Problem Solving is a Requirement for Children’s Real Learning!

Problem solving = real learning.
Problem solving. Discovery. Expressing ideas. Exploring. Constructing knowledge.

Young children, even very young children, need consistent opportunities to wrestle with age-appropriate challenges, conundrums, complications, obstacles, issues and “big fat botherations.”

Why?

BEWARE: Obvious answer ahead… because life is full of problems (always has been ~ always will be) and resisting them, complaining about them, or running away from them is just no way to live.

What kinds of problems do children need to solve?
Empathy cannot be forced or taught, but it can be evoked.
Does making kids share make them generous?

SHARING & INCLUDING, for starters:  Kids don’t always want to share. They don’t always want to include others, either… BUT kids do always want others to share with them, and they do always want to be included. How do we, their teachers, put those two seemingly irreconcilable opposites together?

ANSWER: We enable children to discover their own solutions by asking them the kinds of questions that get them thinking, together, in fresh ways (with fresh perspectives) about old familiar problems.

If we’re going to really succeed at supporting our students in resolving their own challenges, then we must view our role from a big-picture point of view, rather than attempting to implement immediate ‘fixes’ or behavior modifications. Kids need help with honestly exploring their own and others’ feelings about challenging situations that are oh-so-familiar.  Children need gentle *guidance (where to look, but not what to see) in order to understand that all kids in their group feel pretty much the same when it comes to sharing.   (*Guidance is best achieved with the right kinds of questions that invite kids, within peer group discussions, to safely express themselves and listen to each other, in a non-judgmental setting.)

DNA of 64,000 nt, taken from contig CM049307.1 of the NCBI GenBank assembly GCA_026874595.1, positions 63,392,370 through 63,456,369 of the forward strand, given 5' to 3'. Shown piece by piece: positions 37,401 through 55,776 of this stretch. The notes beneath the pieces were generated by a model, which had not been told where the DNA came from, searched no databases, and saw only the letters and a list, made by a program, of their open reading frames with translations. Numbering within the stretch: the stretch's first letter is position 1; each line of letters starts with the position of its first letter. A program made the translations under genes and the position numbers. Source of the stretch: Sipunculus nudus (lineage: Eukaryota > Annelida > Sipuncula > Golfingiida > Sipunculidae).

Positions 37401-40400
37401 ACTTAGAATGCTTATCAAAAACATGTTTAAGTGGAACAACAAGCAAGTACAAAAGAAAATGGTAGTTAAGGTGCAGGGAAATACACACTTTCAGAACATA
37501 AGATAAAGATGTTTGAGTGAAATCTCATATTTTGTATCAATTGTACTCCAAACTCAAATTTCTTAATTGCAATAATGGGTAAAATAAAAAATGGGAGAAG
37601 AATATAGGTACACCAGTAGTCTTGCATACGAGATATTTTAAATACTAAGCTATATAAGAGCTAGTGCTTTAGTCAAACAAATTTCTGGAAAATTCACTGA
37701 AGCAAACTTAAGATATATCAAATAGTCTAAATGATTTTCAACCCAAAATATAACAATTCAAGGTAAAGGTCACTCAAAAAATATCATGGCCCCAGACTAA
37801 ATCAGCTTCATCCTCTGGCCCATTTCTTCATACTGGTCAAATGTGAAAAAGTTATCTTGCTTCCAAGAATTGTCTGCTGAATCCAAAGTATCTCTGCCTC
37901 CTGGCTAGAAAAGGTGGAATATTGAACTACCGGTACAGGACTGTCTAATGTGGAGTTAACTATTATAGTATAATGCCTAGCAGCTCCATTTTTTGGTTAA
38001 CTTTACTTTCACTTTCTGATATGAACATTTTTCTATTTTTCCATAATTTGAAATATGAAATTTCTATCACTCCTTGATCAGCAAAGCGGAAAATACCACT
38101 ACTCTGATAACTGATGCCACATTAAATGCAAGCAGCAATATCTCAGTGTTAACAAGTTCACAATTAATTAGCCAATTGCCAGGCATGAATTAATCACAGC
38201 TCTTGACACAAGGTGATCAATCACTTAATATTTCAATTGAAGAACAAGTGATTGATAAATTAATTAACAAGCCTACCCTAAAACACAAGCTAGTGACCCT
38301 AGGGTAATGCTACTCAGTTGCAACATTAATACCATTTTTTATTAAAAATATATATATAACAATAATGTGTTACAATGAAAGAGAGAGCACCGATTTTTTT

The more kids learn and experience how much they genuinely share feelings and understanding, related to a variety of situations, the less alone/shy/isolated they’ll feel, and the stronger will be their sense of belonging to, and being part of, the group. Sharing is easier in that kind of environment. And if not sharing, then shared understanding about why “it’s just too hard to share that last cookie with someone else.” 

Sharing isn't always possible
Sharing isn’t always possible, but understanding each other is a big help.
Communication is key for real problem solving to occur.
Communication is key to problem solving for children.
Collaboration is an essential problem solving tool.

 

Activate and Exercise Students’ Thinking Skills: #Nuclear Option

As educators, it is our profound responsibility to activate and exercise students’ thinking skills every day. Peer group discussions, based on open-ended questions, can get kids engaged with current events, especially if we don’t start out with lectures.

Rules are for reasons.
Making Politics RELEVANT for the Purpose of Activating and Exercising Middle Schoolers’ Thinking Skills